2 Documentation of an inherited genetic alteration associated with increased breast cancer risk Blood relative(s) with documentation of an inherited genetic alteration associated with increased breast cancer risk 2. Recommendations for asymptomatic women without breast cancer risk factors 2A Screening frequency will be every 1 to 2 years. Women will be prompted proactively to be screened at 2 year intervals but may be offered annual screening based on personal or clinician preference. (Consensus based.*) *This recommendation takes into consideration the screening frequencies used in the large trials of mammography screening, which ranged from 12 to 33 months. 2B For women under age 40, routine mammography screening is not recommended. (Consensus based.) 2C 2D 2E For women aged 40 to 49, offer mammography in the context of a shared decision-making approach, taking into consideration patient preference, potential risks and benefits and clinician judgment. (Consensus based.) Routine mammography screening is strongly recommended for asymptomatic women aged 50 to 74. (Evidence based: A for ages 50 to 69, Consensus based for ages 70 to 74) For women aged 75 and older, offer mammography in the context of a shared decision-making approach, taking into consideration life expectancy, patient preference, existing co-morbidities, and clinician judgment. (Consensus based.) Frequency of screening There are no trials directly comparing different mammography screening intervals and, therefore, the optimal interval between screening examinations is not known. In the absence of direct evidence, the recommended screening frequency of every one to two years is based on the intervals studied in the seven large RCTs of mammography screening, which ranged from 12 to 33 months (3 studies screened annually, 1 every 18 months, 1 every months, and 3 studies every 24 months or more). Women under age 40 There is no direct evidence that compares mammography screening in women under age 40. Based on the absence of evidence, the low incidence of breast cancer in this age group, and the potential harms (e.g. false-positive/false-negative test results, unnecessary biopsies, pain, discomfort, radiation exposure, etc.) routine mammography screening is not recommended in women under age 40. Women Aged There are conflicting results from one previous RCT and six subgroup analysis and eight metaanalysis that mammography screening improves health outcomes in women aged In Dec 2006, Lancet published a RCT done in the UK, following 160,000 women aged 39 to 41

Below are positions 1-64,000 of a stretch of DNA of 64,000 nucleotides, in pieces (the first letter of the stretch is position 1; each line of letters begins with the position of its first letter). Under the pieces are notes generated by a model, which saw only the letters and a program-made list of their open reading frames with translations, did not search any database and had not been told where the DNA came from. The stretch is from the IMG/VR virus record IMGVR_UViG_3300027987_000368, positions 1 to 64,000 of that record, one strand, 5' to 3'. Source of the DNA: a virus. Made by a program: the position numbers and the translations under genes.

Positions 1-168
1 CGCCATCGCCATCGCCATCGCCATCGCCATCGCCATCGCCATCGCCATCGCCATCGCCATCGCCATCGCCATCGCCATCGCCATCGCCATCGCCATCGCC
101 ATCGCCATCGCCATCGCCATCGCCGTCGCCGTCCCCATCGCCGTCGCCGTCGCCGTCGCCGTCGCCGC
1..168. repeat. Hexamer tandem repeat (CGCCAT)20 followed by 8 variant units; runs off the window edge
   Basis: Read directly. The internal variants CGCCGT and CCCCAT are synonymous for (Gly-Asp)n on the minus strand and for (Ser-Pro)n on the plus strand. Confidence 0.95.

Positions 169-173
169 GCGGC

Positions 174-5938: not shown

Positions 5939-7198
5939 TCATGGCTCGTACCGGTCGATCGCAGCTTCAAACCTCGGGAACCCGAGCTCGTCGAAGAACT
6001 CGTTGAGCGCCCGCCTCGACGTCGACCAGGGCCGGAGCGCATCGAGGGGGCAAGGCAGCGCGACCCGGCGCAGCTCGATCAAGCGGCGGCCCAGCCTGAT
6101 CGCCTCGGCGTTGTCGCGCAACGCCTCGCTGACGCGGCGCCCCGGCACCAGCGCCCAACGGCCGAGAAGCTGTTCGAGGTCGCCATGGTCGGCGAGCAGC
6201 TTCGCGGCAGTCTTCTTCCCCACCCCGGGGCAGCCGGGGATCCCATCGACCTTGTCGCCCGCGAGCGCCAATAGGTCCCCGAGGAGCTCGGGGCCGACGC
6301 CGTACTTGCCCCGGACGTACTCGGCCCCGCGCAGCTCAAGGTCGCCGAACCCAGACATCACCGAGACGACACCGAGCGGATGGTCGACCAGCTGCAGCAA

3 who were offered annual mammography or usual care. After a mean 10 years of follow-up, women in the mammography group had a 17% lower breast cancer mortality, although this result was not felt to be statistically significant (relative risk.83). Therefore the true estimate of effect of mammography screening on breast cancer mortality continues to be controversial, although increasingly, patients and clinicians are promoting screening in this age group. Because data suggest that breast cancer grows more rapidly in women younger than 50, and the sensitivity of mammography is lower in this age group, shorter screening intervals (annual) for women aged have been recommended by some specialty groups. Breast cancer screening with mammography should be offered to all women aged in the context of shared decision making taking into account a woman s personal preferences and the balance of benefits to harms. Women aged 50 to 69: There is good evidence from a well-designed meta-analysis of seven randomized controlled trials (RCTs) of mammography screening vs. no mammography screening that screening significantly reduces mortality from breast cancer. Mammography screening is strongly recommended for women aged 50 to 69. Women aged 70 to 74 There is insufficient evidence from subgroup analysis from two RCTs of low methodological quality that mammography screening significantly reduces mortality from breast cancer in women aged 70 to 74. However, U.S. SEER data shows that the incidence of breast cancer in women advances with age and the false-positive rate of mammography screening in women 70 and older is lower than that of younger age groups. In addition, these tumors are often less aggressive and more responsive to treatment than in younger age groups. It is therefore recommended that mammography screening be continued in healthy women through age 74. Women aged 75 and older There are no controlled trials of mammography screening in women aged 75 or older. As noted above, SEER data shows that the incidence of breast cancer advances with age and and reaches it s peak in women aged 75 to 79 in all reported race/ethnic groups. It is therefore recommended that mammography screening be offered to women aged 75 and older in the context of a shared decision-making approach, taking into account a women s life expectancy, personal preference, existing co-morbidities and clinician judgment. Discontinuation of screening There is no direct evidence from RCT s comparing the optimal age at which to discontinue mammography screening. The only available data is from the large RCT s of mammography screening described above, which included women up to age 74. In the absence of sufficient evidence, the Guideline Team recommends that the age at which to discontinue screening be determined by taking into consideration life expectancy (screening is discouraged if life expectancy is less than 5-10 years), patient preference, the risk of complications in older adults, existing co-morbidities, and clinician judgment. 3. Recommendations for asymptomatic women with selected breast cancer risk factors 3A 3B For all women with risk factors for breast cancer, annual mammography screening is recommended (Consensus based.) Mammography screening is recommended for women with one or more of the following selected risk factors for breast cancer.